A walk through Denburn Woods (I would Not recommend playing on the rope swing, given how my boy came a cropper as a result of a fall from there!), will take you through to the back of the churchyard.
Here I will admit a soft spot for the church, it was where my husband and I were married and where our son was christened. It is a beautiful place with a rich history, there are better sites to visit for a full insight into it, I can only provide the broad brushstrokes of the place, to attempt to do anything more would do it an injustice.
There is also the Dead House at the back of the church, which was pretty much as described, back in the day, but I suspect it now is more of a storage area for lawn mowers and the like.
The original use of the Dead House was as a place to securely store the dead until they had decomposed enough that they were of no use to the medical students and therefore there was no temptation for the grave diggers to steal them.
Bodies would be kept in the Dead House for six weeks in the summer months, but twelve in the winter, just to make sure when laid to rest there was no chance of them being disturb again.
Outside the church gates you will find the Blue Stane, a large stone with a dip in the top, the dip was made by the thumb of the Devil when he threw it over from the Isle of May, trying to hit the Church. We were always told to sit in the dip of the stone and make a wish.
But, it is not the only stone to take note of, there is also the Mermaid’s Cradle, only accessible at low tide, after a bit of rock hopping, if you know where to head.
Another stone to sit in to make a wish, although it does have a bit of seaweed now growing on it and the birds also seem to like it…
Move further down the way, just past the harbour and you will come across fossils that not even I could mistake, two tree stumps, right next to the tracks of a giant centipede!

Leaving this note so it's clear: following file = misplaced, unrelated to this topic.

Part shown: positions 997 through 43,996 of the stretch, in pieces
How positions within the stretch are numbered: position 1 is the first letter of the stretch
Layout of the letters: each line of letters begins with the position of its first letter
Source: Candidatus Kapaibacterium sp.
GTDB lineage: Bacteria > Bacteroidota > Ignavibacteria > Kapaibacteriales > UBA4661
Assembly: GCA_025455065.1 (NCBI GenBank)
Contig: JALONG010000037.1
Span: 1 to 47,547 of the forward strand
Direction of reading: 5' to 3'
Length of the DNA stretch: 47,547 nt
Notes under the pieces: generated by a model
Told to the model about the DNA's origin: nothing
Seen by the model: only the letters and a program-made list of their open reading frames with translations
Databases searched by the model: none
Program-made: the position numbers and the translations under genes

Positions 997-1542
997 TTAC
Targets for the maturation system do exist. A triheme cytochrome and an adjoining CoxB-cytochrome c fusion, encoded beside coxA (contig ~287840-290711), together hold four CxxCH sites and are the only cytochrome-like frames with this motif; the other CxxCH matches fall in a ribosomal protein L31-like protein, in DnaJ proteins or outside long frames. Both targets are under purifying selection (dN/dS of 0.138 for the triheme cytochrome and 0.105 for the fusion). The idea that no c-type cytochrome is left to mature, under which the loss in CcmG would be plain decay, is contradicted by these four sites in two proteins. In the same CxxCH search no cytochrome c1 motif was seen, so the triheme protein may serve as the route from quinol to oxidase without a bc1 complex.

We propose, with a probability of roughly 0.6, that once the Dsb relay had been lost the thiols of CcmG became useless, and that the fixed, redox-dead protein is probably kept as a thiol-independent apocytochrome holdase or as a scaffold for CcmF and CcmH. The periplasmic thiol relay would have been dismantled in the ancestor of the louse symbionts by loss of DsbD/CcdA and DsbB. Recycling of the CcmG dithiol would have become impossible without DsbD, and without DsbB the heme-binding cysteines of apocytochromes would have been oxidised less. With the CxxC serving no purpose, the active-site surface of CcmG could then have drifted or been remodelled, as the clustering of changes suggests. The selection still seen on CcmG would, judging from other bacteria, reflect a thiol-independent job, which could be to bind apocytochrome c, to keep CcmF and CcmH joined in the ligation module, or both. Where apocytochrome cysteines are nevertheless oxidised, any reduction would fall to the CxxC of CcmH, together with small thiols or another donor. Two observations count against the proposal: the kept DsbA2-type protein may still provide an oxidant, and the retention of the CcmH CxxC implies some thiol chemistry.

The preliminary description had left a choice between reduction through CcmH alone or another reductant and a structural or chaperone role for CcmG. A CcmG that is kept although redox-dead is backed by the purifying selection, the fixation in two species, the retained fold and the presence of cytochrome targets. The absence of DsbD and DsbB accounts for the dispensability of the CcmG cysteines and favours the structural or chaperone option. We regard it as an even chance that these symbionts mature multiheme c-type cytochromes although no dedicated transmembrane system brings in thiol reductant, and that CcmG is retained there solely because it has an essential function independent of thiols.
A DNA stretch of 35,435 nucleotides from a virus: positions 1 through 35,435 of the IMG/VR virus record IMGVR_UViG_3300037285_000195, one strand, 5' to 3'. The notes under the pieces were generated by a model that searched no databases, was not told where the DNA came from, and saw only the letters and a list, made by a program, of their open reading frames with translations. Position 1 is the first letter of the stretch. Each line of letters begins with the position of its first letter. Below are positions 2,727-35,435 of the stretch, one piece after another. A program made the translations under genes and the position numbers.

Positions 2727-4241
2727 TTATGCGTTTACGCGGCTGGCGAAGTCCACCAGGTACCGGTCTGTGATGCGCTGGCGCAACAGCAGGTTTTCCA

Back on land and the picturesque village is still one of my favourite places to spend time, it would take a dark soul to not fall in love with it…
There are plenty other places to discover, but I won’t tell you all, you have to discover your own special places… you just need to spend time and look….
We have often taken a train into London and I can tell you the car park cost more than the £1.00 we were charged at Leuchars, our son’s ticket was more than £1.00 and the scenery whilst waiting for the train to arrive was not nearly as relaxing…..
We visited just before the Edinburgh Festival kicked off, it was therefore before it became really busy, but that’s not to say it was quiet! There is a lovely buzz about the city, it always feels a more friendly place to visit than London, but then that’s generally the case in Scotland from my experience. Here you are much more likely to get talking to strangers in the street and to not say hello on your morning walk is more likely to mark you out as a tourist than anything else.
Arriving in Edinburgh I never know where to start, there is always so much to see and do, best thing is just to bimble and see where the wandering takes you. In our case the first stop was the Scott Monument, a Victorian Gothic construction which stands at over 200 hundred feet and was built as a tribute to the Scottish author Sir Walter Scott. To get up to the viewing platform means tackling my nemesis, the spiral stone staircase.